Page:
My love to all of you who have lost all of the parents you ever had no matter who they were or how they were or what they were to you.

What You Can’t Know

I don’t know how to do this. I keep reminding myself that nobody does but I have decisions to make: when to go home, for starters. My 47th birthday is Friday; my great niece isn’t born yet. Everyone wants to know when, Dr. Perl said, but no one can tell you that. So how long do you stay in a room watching her snore, oblivious to your presence? How long is dutiful, how long to repay her for your own life? I put her folded laundry away, wash my own socks and underwear in the sink.

I read.
I try to decide.
I talk to my wife about what to do.
I try to concoct a plan to get my hair dyed blue.
I respond to emails from students: yes, you can have an extension on your paper.

Suddenly there are 24 hundred hours in the day, all of them weighing too heavily.

It’s not when I’ve done what’s right. It’s not even when I’ve done what’s right by me, or for her. It’s more – how do I wait? More, how do I do this with grace? It’s more: could I ever be okay with leaving knowing I might not see her again? It’s knowing I will most likely get the call once I’m back in Wisconsin, based on what odds there are.

It will never feel right to go now, no matter when now is. There is no way to be there when she chooses to slip away. I may just be washing my hands, or typing this thing.

There are no guarantees of anything at all but this forward-moving, inexorable time, all the time, and the living going on living and the dying going on dying. Death is a giant fuck you to control freaks like me.

There is no easy way to do this. There is a way to do this, but it’s wrong. Every way sucks. I am offended by death for being so much, so terrible, but also nothing more than the passage from one minute to the next. I told people after my father’s death that the colors of the world changed. Now, I worry they will blanch, fade, disappear altogether. There is still no way to imagine a world without him in it and yet here I am, in this unimaginable world. It is spring in New York. It is spring in Wisconsin. Somewhere in the light of my mom’s eyes it is still the spring of her own life. Somewhere in there she has just met my father. Somewhere in there they have just conceived me; somewhere in there she is watching them fold the flag in tribute to his service to his country.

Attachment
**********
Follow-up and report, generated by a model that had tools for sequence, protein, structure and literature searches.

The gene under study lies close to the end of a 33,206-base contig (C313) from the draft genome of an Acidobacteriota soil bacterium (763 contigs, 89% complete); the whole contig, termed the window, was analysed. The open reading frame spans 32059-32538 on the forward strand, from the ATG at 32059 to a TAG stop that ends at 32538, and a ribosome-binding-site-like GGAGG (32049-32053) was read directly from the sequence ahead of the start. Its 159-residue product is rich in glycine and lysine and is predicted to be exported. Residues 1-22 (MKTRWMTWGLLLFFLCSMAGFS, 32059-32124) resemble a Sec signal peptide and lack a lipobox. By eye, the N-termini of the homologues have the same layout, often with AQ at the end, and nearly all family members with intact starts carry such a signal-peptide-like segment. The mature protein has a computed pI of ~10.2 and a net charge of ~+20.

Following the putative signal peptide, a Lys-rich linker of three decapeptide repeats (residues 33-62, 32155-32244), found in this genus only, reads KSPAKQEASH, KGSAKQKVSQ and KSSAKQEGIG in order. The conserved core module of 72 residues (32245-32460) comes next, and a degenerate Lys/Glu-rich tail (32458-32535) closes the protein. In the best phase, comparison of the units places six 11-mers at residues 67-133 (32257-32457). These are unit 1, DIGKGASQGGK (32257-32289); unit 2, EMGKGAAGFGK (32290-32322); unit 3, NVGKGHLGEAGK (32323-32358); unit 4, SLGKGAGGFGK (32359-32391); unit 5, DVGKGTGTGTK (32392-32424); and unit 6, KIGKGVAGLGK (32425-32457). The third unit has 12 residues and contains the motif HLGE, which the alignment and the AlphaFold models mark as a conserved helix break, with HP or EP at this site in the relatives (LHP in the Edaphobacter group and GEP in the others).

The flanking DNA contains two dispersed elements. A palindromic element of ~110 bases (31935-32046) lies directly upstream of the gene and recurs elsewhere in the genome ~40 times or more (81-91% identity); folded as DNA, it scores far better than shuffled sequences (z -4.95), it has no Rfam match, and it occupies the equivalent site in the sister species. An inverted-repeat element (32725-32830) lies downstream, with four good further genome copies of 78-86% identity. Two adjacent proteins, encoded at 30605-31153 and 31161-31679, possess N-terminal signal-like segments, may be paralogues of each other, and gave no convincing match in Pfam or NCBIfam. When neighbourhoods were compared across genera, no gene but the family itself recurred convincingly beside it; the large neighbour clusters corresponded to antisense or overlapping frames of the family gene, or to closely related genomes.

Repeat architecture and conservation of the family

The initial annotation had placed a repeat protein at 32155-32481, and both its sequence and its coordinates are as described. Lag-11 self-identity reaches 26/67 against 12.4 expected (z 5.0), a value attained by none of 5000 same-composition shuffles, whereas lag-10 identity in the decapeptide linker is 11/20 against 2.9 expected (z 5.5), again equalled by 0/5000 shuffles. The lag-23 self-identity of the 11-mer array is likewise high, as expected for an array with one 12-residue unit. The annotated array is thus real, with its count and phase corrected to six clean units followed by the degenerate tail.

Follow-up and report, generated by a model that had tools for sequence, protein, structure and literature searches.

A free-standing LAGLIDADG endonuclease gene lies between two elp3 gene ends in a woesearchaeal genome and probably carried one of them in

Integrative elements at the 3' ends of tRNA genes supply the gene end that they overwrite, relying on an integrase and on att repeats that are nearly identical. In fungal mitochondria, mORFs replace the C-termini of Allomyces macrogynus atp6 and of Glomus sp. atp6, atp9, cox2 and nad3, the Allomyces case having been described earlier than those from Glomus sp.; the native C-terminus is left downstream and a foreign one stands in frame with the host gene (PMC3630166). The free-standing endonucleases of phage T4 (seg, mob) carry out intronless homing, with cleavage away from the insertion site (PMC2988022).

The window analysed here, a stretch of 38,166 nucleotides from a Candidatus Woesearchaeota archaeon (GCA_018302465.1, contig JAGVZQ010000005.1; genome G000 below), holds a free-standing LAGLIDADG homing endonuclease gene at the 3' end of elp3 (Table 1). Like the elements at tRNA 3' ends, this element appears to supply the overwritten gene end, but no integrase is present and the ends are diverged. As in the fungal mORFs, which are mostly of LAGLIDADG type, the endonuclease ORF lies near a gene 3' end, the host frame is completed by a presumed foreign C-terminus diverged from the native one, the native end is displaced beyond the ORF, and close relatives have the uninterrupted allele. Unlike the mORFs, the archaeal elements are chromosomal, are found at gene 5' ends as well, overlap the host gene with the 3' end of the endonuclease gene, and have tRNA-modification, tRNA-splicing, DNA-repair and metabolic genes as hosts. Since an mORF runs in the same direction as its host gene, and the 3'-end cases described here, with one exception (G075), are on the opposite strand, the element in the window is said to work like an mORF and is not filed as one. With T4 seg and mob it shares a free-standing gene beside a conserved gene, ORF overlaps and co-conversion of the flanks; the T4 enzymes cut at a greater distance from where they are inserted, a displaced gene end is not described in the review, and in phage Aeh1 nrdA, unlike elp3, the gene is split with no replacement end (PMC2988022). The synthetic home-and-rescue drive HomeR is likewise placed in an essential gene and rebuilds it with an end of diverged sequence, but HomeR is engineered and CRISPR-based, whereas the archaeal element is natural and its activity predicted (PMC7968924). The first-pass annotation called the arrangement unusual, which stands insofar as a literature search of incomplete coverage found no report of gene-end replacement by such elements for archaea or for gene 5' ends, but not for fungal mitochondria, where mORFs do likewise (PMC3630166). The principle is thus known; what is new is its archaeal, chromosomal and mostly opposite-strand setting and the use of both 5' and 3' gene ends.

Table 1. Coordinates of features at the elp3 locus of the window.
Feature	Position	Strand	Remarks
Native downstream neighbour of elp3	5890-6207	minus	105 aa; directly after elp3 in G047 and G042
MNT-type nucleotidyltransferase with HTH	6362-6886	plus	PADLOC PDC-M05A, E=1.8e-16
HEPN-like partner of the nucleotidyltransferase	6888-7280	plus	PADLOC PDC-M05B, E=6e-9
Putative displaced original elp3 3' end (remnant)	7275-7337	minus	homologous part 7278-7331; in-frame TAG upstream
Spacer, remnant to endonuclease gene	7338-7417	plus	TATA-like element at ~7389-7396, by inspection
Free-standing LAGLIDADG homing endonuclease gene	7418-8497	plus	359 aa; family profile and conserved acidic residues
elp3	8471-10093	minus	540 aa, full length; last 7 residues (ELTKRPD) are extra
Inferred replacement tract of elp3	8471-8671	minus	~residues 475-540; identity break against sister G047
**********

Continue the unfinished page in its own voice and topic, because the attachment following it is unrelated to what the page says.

And that’s what goes: another link in the long chain of human memory, another lifetime further away from the first person who heard recorded sound or who walked across the Brooklyn Bridge or rode a train or heard a violin played the very first time, a not endless but exhaustively long line of links that lead to the start of things.

There is no way to do this. I’ll do this, with grace or inelegantly, with composure or keening or denial. Joe Heller once said he felt better about dying once he realized people dumber than him had done it. The same is true for mourning, I guess.